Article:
The album title refers to a world where human contact is diminishing and as well as exploring that subject lyrically, it’s also reflected sonically in their songs. “Instead of people looking and staring at each other they’re looking at screens. We tried to get that idea across in the technology we used. We all come from the school where we think that computers are dumb instruments and just tools to use and that they have to suit your needs instead of you following what they do. Whenever we use loops we try to make them as manual as possible so we are in control and it still has some human imperfection.”

The realities of life, full-time jobs, having to organise six people and waiting times for German-pressed vinyl meant Staring At You Staring At Me has has a long gestation process, explains Giarrusso. “It was hard to get six people together when everyone is busy. We recorded it over six months and we didn’t know how it would turn out until the end. We pushed ourselves and found a new sort of structure for the long-play which was surprising for us. That kept it fresh.”

The great story behind Underground Lovers is that after a nine year hiatus, which Giarrusso puts down to the “twists and turns of human life” and describes personally as a tough time, the band are still creatively as strong as they ever have been.

“When we came back together it was brilliant. It just the same as it ever way which was fantastic. It was worth the wait. We’re getting a lot of young people coming to shows which is exciting. They’re saying they like our new stuff better than the old stuff which is great and surprising!”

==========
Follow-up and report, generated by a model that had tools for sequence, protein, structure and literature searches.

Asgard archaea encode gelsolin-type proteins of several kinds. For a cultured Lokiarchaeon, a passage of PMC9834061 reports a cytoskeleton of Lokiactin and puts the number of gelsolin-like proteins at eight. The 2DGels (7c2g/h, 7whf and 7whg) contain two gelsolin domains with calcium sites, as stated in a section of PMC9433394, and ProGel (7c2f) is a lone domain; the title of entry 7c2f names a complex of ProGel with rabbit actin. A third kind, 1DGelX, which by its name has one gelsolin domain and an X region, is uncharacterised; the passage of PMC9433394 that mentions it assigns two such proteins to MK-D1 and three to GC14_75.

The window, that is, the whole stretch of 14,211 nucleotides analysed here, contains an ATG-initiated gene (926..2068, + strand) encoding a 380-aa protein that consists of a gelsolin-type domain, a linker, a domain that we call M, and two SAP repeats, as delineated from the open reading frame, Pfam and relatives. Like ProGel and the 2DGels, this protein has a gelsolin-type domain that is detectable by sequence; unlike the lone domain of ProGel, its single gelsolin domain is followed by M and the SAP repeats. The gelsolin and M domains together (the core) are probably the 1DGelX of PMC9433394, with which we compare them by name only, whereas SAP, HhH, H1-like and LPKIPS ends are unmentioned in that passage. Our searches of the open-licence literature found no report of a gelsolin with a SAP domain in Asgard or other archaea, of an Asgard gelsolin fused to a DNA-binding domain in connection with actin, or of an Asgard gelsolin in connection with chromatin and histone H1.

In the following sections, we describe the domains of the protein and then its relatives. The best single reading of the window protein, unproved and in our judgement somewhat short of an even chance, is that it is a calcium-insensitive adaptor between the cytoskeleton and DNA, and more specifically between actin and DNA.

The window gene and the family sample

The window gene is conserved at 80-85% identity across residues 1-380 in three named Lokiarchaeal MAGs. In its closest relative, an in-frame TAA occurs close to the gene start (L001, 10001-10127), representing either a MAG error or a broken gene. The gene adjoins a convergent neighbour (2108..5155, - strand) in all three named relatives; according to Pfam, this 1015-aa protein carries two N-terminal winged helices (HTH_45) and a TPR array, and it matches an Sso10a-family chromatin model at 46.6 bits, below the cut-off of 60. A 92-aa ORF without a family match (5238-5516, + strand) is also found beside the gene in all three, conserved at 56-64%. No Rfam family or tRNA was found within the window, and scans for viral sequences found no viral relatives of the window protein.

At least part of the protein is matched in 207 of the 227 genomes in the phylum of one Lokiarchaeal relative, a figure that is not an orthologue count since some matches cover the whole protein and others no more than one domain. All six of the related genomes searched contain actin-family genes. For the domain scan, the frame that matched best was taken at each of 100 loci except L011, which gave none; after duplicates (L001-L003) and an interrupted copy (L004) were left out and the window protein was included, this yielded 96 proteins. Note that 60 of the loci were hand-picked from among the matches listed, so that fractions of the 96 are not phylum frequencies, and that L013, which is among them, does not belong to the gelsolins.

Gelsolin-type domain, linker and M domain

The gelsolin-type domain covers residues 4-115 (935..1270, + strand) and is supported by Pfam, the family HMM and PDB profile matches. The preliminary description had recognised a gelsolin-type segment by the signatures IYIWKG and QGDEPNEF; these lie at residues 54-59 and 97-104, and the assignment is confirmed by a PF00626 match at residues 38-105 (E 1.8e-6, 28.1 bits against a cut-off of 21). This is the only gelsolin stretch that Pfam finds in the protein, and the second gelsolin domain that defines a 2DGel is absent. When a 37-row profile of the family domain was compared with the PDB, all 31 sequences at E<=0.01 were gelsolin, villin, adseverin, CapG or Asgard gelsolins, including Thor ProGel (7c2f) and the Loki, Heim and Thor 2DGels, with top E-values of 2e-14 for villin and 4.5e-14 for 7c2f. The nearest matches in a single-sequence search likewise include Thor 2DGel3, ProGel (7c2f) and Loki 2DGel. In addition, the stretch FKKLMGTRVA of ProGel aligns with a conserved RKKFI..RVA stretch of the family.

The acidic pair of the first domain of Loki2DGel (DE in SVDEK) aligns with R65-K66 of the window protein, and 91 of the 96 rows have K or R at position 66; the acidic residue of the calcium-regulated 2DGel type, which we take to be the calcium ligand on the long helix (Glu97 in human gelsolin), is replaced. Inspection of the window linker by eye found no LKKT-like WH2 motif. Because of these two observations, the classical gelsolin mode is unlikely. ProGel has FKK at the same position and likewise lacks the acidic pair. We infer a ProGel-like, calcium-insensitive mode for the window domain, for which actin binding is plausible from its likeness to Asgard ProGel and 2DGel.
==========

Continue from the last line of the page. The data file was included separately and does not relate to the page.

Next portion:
ALBUM REVIEW: Ghost Wave – Radio Norfolk

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Three years on from their debut Ages, Ghost Wave sound a wholly more authentic and lived-in proposition. Ages sounded like the sum of its influences (UK indie, Krautrock, NZ 80s alt-guitar pop) and they mastered them exceedingly well, but Radio Norfolk takes those sounds further and deeper, co-mingling and cross-pollinating with more sonic grit and subtlety.

Psychedelia has permeated music strongly in recent years, much of it centring on garage rock and folk music. Ghost Wave take the elements of trippiness and narcotic haze to a rhythmic and repetitive place. There is a stoned danceability to much of the album where the bass and the drums provide the movement and drive of the music. It can be uplifting and bright (‘Honey Punch’, ‘Don’t Ask Me’), snaking and smoky (‘Blues Signal ’79’) or insistent and pulsing (‘Snow Cone Descent’). That combination of moods creates a wonderful flow to the album akin to both the predictability and variability of rolling ocean swells or a road trip through hills, valleys and plains.

Producer Sonic Boom (Spaceman 3) has tied together the band’s sound superbly, It never descends into dreary drone from a lack of ideas or noise for noise sake. The balance is there and a surprisingly rich batch of melodies rise to surface on repeat listens. The xylophone on ‘Spaceman’, the range of effects applied to the guitar lines and Matthew Paul’s incantations and vowel bending vocals are all elements used to add shape and colour to the songs.

Radio Norfolk is kaleidoscopic in nature and psychedelic by design yet never at the expense of the song at the heart of each track. That balance of vision defines what is an exemplary and timeless take on hypnotic rock music.

Chris Familton